Baron Zemo, last seen in Captain America: Civil War, teams up with Sam Wilson and Bucky Barnes to stop the Flag Smashers. (Courtesy of Disney Plus)

I’ll also talk about some side characters, like Zemo and Sharon Carter. I really liked that Marvel brought Zemo back, and I thought that Daniel Bruhl, the actor for Zemo, did a great job. At first, I felt like Zemo was taken away from us too soon because he was such an integral part of the story with wanting to get rid of the super soldiers, but overall, I thought it was a good showing. For Sharon Carter, I thought she was another character that was underwritten. It turns out that she’s the Power Broker, and she’s actually selling superpowers on the black market. I understand that she felt betrayed by the government and S.H.I.E.L.D., but completely switching it up and becoming an evil villain felt a bit too extreme or too quick for me to process without enough background. Again, I feel like the show would’ve benefitted from flashbacks. Similar to Karli, I felt that Marvel needed to go deeper behind her motivations instead of trying to keep the Power Broker’s identity secret, which seemed kind of obvious.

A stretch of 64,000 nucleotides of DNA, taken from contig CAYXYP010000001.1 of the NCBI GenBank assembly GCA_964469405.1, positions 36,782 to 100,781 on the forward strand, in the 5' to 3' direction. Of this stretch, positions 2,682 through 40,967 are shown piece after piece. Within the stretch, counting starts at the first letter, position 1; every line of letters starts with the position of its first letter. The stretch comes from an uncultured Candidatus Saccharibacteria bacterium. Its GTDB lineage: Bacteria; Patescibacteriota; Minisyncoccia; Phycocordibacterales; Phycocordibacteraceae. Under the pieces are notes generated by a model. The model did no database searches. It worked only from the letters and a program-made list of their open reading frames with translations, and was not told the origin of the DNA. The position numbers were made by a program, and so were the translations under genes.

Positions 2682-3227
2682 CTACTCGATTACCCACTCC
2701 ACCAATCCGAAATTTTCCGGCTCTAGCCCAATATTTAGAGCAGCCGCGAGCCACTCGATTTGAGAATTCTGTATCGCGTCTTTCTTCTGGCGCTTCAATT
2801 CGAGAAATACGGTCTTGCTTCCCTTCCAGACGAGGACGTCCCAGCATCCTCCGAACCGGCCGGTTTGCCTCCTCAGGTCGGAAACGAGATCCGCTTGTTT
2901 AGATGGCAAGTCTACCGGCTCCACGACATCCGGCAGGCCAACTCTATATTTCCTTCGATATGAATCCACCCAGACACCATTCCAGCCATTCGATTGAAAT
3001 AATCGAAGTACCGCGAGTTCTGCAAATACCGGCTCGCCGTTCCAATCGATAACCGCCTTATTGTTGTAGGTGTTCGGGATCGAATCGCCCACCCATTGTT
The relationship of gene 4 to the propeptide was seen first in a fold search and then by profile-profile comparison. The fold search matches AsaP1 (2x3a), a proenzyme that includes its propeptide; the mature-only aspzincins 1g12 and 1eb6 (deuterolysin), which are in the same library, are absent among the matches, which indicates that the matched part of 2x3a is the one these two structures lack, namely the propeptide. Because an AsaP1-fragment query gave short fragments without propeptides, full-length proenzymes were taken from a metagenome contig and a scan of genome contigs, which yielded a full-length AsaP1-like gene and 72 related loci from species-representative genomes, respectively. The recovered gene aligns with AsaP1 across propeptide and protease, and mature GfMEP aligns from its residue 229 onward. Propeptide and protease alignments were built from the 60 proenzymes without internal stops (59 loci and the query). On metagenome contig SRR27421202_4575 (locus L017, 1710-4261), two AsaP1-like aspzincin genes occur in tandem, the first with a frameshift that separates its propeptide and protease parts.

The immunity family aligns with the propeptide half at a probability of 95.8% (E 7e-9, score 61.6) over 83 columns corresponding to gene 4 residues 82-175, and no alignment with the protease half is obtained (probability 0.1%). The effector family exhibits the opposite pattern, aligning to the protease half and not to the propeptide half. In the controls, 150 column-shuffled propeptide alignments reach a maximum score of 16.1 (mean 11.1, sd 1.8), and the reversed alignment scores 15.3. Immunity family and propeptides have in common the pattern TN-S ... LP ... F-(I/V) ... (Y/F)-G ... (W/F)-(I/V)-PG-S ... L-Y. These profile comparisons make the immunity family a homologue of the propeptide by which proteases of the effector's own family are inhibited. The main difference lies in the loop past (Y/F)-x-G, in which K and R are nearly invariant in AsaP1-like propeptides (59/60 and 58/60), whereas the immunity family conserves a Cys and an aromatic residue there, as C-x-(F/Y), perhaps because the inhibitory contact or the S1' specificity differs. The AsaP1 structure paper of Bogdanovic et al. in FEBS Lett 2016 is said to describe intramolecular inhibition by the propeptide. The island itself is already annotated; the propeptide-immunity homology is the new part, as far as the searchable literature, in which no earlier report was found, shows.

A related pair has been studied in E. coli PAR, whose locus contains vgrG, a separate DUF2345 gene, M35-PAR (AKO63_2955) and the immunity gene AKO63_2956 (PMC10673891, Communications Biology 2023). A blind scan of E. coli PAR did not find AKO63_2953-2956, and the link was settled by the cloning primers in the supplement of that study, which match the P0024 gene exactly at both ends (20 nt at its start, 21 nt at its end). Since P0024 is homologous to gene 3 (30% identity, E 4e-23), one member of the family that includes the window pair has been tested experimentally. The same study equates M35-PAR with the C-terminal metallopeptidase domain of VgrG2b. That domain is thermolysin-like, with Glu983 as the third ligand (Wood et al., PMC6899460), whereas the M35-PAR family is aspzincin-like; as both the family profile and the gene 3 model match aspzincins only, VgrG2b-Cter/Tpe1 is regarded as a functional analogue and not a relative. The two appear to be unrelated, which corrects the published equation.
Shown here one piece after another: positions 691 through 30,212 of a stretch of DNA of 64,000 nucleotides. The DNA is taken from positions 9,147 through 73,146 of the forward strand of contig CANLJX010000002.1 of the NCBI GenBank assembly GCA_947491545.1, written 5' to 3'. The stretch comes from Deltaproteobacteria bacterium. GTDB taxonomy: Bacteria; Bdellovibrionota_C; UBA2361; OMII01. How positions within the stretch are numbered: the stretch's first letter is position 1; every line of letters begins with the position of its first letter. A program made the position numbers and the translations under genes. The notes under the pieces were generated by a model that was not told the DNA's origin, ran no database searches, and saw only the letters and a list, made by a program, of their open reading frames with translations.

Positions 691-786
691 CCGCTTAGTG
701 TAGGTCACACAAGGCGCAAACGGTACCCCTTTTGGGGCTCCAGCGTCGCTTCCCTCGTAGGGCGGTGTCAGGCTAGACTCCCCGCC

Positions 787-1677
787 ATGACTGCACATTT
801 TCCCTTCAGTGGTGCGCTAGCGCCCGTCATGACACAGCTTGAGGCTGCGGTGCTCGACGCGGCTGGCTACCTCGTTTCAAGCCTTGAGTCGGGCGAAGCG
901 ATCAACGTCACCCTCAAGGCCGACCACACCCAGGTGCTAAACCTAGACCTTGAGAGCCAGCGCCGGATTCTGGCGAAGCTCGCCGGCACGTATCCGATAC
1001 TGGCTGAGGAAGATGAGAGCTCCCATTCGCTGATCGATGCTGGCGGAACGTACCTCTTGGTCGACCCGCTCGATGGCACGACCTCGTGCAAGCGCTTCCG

Overall, the show exceeded my expectations. Maybe it was the fact that the show only had 6 episodes or it was the way that the show was set up, but it felt like a really long and extended movie. The actors and actresses were superb, especially Sebastian Stan in that Wakandan scene and Wyatt Russell throughout practically the entire show, and the writers did a good job with setting the show up for a new season and telling a good story that fits both chronologically in the MCU and in contemporary society.